I was deeply intrigued by their relationship dynamic, and that’s what drew me to dusting off these older characters of mine. When I first started writing it, I knew I would have to tackle the shock and confusion that the pair are trying to secretly deal with, not to mention Clyde’s guilt in assuming he might be responsible for anchoring Kev’s ghost; and for Kev, the fact that he was slowly realizing how bleak his future now looked, being an aimless spirit trapped outside society, and being forced to hide himself away from everybody, including his family.
Creatively, this troubled friendship made a perfect springboard for the larger elements of the plot and the universe: Clyde going to Hourglass to give Kev a much-needed sense of purpose; Kev’s own morbid fascination with the dead realm he was yanked out of; Konstantin “Gulag” Kozlov’s own ability to harbour the revenants of his fellow monks; and the whole nightmarish dead realm which awaits all living souls except those which find a way to escape.
So Clyde and Kev’s friendship really pulled everything together.
If you could somehow hang out with Clyde Williams and Kev Carpenter, what do you think the three of you would do to have fun?
Pre-Hourglass, I’d like to just hang out with them, go the movies, joke around, talk comic books, maybe even attempt writing Clyde’s comic book IP with him. Plus I’ve never actually been to New York, which is where they’re from, so that would be cool. But post-Hourglass recruitment…I’d want nothing to do with either one of them out of fear of getting accidentally caught in their enemies’ crosshairs.
While writing ‘HOURGLASS’ did you learn anything new about yourself as a person and/or as an author?
I was happy with how I managed to dovetail the two weaving story threads, that of Clyde and Kev’s journey in training with Hourglass and learning some harsh existential secrets, and that of Kozlov’s coerced paramilitary invasion of Erebus (the dead realm), into a big climactic showdown. But I also learned just how much I enjoy melding action thrillers with fantastical horrors.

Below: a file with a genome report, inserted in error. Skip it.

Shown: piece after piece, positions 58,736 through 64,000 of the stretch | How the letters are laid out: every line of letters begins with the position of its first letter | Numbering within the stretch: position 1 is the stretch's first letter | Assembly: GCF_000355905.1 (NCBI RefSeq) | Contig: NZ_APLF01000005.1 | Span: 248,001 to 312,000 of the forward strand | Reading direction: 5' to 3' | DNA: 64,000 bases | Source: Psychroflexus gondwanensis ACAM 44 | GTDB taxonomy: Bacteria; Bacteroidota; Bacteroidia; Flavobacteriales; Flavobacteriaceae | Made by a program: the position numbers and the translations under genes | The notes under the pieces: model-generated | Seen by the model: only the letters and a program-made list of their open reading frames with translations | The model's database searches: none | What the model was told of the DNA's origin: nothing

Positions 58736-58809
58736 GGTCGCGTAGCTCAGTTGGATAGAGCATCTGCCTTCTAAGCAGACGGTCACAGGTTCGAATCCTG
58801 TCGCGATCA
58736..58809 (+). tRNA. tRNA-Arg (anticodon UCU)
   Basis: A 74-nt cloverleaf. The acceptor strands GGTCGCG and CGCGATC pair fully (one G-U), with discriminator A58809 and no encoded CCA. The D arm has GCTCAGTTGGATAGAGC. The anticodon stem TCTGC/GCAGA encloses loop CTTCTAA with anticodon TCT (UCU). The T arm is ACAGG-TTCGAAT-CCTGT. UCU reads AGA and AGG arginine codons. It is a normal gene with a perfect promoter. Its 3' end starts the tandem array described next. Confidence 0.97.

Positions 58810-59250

You’re a very popular author with a lot of fans. What was the most interesting feedback or question you have received from a reader?
I’ve had some very nice, positive feedback relating to the genre-hopping nature of the book, whilst still managing to maintain my own voice. I’m also very happy with some of the authors I’ve been compared to: from China Mieville and Ursula Le Guin, to Robert E. Howard and Tom Clancy. I think these comparisons help show the breadth and potential of Hourglass’ scope as a series. But it’s best to let the readers decide, so hopefully they’ll grab a copy and see for themselves.
‘HOURGLASS’ has been such a hit with readers I have to ask – do you have another book or project in the works you can tell us about?
Yes, I do. I have started the first draft of the third book in the Hourglass series. Between that and working full-time, it should keep be busy for a while; but I’ll definitely have it completed sometime towards the end of the year. In the meantime, for those readers who enjoyed Hourglass, the second book, The Ferryman’s Toll, is currently available on Amazon.
“HOURGLASS” is available on Amazon by clicking here.